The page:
While there is no preventing your phone’s battery from weakening over time, there are steps that you can take to slow its degradation

We’ve all experienced that fear-inducing
moment when you open up your phone only to be greeted by the “Low Battery” warning.
It always seems to happen in the earlier half of the day when you still need to
survive the rest of the work day and the commute home. If you have an older phone,
you may find yourself having to carry your charger around with you throughout
the day in anticipation of that unsettling notification. While there is no
preventing your phone’s battery from weakening over time, there are steps that
you can take to slow its progress.


First of all, you no longer need
to let your battery drain completely before recharging — in fact, partial
discharges are recommended. Nickel-based batteries, which used to rule mobile
phones, have a “memory effect” in which some of their capacity is lost, or
“forgotten,” if they are consistently recharged with a partially full battery. But
smartphones now use lithium-ion batteries whose capacity is determined by how
many lithium ions it can nestle into its two electrodes. Each time you go
through 100% of a charge cycle, the battery loses some of its capacity. Constantly
draining your phone’s battery down to nothing will degrade it much more quickly.
So if your phone is at 50% when you wake up in the morning, you can charge it
worry-free while you get ready for work.


Secondly, avoid hot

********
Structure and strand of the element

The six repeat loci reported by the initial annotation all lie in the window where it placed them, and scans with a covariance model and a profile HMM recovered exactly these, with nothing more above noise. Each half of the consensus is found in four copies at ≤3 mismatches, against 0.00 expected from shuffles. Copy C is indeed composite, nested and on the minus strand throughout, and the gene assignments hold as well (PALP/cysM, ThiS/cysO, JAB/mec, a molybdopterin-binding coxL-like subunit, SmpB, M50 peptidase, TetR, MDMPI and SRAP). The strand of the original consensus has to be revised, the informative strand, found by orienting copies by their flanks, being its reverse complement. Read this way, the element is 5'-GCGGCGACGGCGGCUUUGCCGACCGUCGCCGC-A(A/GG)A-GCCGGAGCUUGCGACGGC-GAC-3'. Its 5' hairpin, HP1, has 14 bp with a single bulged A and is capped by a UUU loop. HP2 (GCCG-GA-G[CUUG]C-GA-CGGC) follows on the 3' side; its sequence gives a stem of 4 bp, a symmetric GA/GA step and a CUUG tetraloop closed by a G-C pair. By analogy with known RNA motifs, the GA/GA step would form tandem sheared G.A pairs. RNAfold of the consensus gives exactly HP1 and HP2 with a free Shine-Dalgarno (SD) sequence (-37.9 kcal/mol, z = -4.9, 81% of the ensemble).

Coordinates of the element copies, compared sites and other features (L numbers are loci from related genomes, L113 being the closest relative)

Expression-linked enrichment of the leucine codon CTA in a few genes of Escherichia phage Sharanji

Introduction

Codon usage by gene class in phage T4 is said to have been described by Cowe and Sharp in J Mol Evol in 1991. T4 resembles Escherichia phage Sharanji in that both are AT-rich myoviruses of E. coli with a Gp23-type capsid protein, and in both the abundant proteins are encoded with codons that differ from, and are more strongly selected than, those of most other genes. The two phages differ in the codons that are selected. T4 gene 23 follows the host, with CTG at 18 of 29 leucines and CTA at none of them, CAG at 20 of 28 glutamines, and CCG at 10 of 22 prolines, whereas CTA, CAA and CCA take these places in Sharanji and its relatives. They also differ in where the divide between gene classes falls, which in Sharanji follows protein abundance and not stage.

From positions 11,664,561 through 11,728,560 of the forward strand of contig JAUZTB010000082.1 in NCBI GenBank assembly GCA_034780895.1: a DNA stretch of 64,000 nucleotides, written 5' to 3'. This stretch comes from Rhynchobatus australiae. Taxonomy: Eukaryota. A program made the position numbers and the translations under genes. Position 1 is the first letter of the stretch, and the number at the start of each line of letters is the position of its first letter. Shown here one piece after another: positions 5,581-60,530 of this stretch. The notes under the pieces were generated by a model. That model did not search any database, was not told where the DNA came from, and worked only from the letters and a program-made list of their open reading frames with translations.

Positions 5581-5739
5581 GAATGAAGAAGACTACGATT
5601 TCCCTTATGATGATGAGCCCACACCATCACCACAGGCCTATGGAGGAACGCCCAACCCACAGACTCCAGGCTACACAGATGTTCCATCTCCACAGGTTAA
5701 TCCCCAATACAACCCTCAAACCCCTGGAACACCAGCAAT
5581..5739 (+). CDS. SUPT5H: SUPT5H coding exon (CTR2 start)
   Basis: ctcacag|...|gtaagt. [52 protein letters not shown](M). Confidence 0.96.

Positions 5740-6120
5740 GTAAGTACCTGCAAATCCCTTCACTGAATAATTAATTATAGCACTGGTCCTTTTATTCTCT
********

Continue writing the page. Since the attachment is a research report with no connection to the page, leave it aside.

temperatures! Heat speeds up the chemical reactions inside your phone, causing
faster drainage and, ultimately, a diminished capacity. Excessive heat caused
by factors such as leaving your phone in a hot car or on the beach can also
cause a thermal runaway, in which the liquids in your phone’s battery will
start to boil, building pressure until the battery explodes. And while the heat
of your body won’t cause a meltdown, it is enough to contribute to a weakened
battery, so try not to carry your phone in your pocket either.







Finally, if you are traveling
to another country where you will not be using your phone for a while, make
sure you don’t leave it without a charge. Because a battery with no charge can
become unstable, modern batteries will trip a self-destruct circuit before
destabilizing. It’s great for avoiding explosions but it also, unfortunately,
means that your phone will never work again. To avoid this, make sure the
charge is at approximately 50% before turning your phone off for the duration
of your trip. For even longer-term travels, be sure to turn your phone back on
every six months and make sure that it’s still half-way charged.

Source: Washington